I have to admit now that I really couldn't handle the thing at all. I must be the least gifted person for the job; my hands are too big, and I don't have the necessary technique such an instrument required. In trying to operate this light, precise mechanism, I really felt like an elephant in a china closet. But I kept at it all week and practiced hard and after several days began to notice that I was actually playing what was on the page. What I had been doing before was simply playing legato and pedaling through. I saw the slurs, but, of course, I didn't want to create hiccups, which can happen so easily on the modern piano. Suddenly I found that I really didn't need much pedal and that the articulative pauses actually made the music more expressive.[d] At the concert at the end of that first week, which was absolutely filled to overflowing, there was great enthusiasm. Nobody had ever seen such a thing. I thought to myself that this was an opportunity to do something useful with my talents. This was in 1969, and I decided to buy one of these pianos and to seriously pursue playing it. For several years I took the instrument [also by Belt] around and played it in colleges and small venues. It was, of course, viewed as a curiosity back then, and some people thought I was a bit crazy. I knew I was doing something fringe-y, but I also thought it was important and worth doing because there were aspects of this music that nobody could hear any more.[1]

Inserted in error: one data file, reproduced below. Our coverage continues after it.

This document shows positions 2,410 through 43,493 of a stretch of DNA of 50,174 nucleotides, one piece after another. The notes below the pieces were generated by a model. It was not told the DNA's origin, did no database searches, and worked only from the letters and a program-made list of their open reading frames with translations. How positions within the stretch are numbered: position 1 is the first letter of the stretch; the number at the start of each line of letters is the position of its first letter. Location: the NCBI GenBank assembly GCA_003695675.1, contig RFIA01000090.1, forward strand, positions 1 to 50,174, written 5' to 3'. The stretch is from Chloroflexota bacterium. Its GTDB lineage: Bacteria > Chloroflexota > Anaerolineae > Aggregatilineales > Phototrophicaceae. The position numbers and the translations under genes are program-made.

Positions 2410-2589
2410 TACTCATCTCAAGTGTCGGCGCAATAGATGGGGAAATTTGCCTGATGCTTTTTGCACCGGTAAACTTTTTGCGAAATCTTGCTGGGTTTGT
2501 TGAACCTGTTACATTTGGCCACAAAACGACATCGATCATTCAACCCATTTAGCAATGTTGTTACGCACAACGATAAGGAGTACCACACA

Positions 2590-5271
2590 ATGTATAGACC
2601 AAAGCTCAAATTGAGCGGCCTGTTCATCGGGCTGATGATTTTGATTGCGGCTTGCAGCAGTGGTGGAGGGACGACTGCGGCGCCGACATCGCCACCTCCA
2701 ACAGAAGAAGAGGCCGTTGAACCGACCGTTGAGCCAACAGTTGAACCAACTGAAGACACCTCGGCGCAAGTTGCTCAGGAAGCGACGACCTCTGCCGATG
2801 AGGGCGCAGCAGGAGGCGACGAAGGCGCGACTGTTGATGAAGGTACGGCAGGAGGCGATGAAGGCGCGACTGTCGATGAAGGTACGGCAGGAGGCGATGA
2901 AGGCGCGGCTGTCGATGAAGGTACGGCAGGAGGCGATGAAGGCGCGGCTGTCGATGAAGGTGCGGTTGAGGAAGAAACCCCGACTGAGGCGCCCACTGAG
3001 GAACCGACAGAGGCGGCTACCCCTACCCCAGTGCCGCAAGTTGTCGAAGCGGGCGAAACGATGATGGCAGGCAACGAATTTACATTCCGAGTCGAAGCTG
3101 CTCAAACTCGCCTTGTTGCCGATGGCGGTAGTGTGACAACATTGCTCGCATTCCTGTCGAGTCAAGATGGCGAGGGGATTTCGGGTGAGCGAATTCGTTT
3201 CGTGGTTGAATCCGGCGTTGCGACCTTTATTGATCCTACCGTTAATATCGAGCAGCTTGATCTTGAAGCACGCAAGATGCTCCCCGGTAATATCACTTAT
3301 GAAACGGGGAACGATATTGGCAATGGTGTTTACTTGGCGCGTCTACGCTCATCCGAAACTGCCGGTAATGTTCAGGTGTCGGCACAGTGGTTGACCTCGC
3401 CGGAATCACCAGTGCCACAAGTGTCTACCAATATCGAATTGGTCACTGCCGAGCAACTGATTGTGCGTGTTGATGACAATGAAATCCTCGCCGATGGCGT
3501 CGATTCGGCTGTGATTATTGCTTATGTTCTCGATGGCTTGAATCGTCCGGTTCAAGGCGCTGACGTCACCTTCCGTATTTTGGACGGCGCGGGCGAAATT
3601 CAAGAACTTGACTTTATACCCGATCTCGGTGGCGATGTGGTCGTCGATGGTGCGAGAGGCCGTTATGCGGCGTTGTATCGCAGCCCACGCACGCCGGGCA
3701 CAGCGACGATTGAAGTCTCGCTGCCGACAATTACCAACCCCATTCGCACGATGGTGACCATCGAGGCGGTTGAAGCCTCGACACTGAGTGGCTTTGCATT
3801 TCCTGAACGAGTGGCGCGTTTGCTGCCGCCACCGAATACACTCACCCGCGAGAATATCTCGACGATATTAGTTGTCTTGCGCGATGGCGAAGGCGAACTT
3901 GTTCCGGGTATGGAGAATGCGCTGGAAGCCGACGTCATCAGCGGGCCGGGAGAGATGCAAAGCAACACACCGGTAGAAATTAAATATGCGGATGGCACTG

Career as fortepiano specialist[edit]

The career shift ultimately proved successful; Bilson developed a reputation as a fortepiano performer, gave concerts widely and was also invited to make recordings (see below). In 1974, he co-founded the Amadé Trio with violinist Sonya Monosoff and cellist John Hsu; the trio performed works on historical instruments.

Bilson was promoted to full professor in 1976 and was appointed to the Frederick J. Whiton chair in 1990.[b]

Bilson retired in 2006 as a professor,[2] remaining active as a teacher and performer.

In 2011, Bilson brought the first fortepiano competition to the United States. Coordinated under the Westfield Center, with a grant from the Mellon Foundation, the competition and academy were held at Cornell University; 31 young musicians from all over the world competed for prize money totaling $13,500.

Pedagogy and scholarship[edit]

Bilson created a DVD, "Knowing the Score," which questions many of the basic concepts of musical performance taught in conservatories and music schools around the world, specifically, the lack of adherence to notated articulations and assumptions about the length of rhythmic values. He followed up this DVD with two more: "Performing the Score," with violinist Elizabeth Field, and "Knowing the Score, Vol. 2."

Bilson has published several articles on the subject of interpreting late 18th- and early 19th-century compositions by Schubert, Mozart and Beethoven in Early Music and Studia Musicologica Academiae Scientiarum Hungaricae.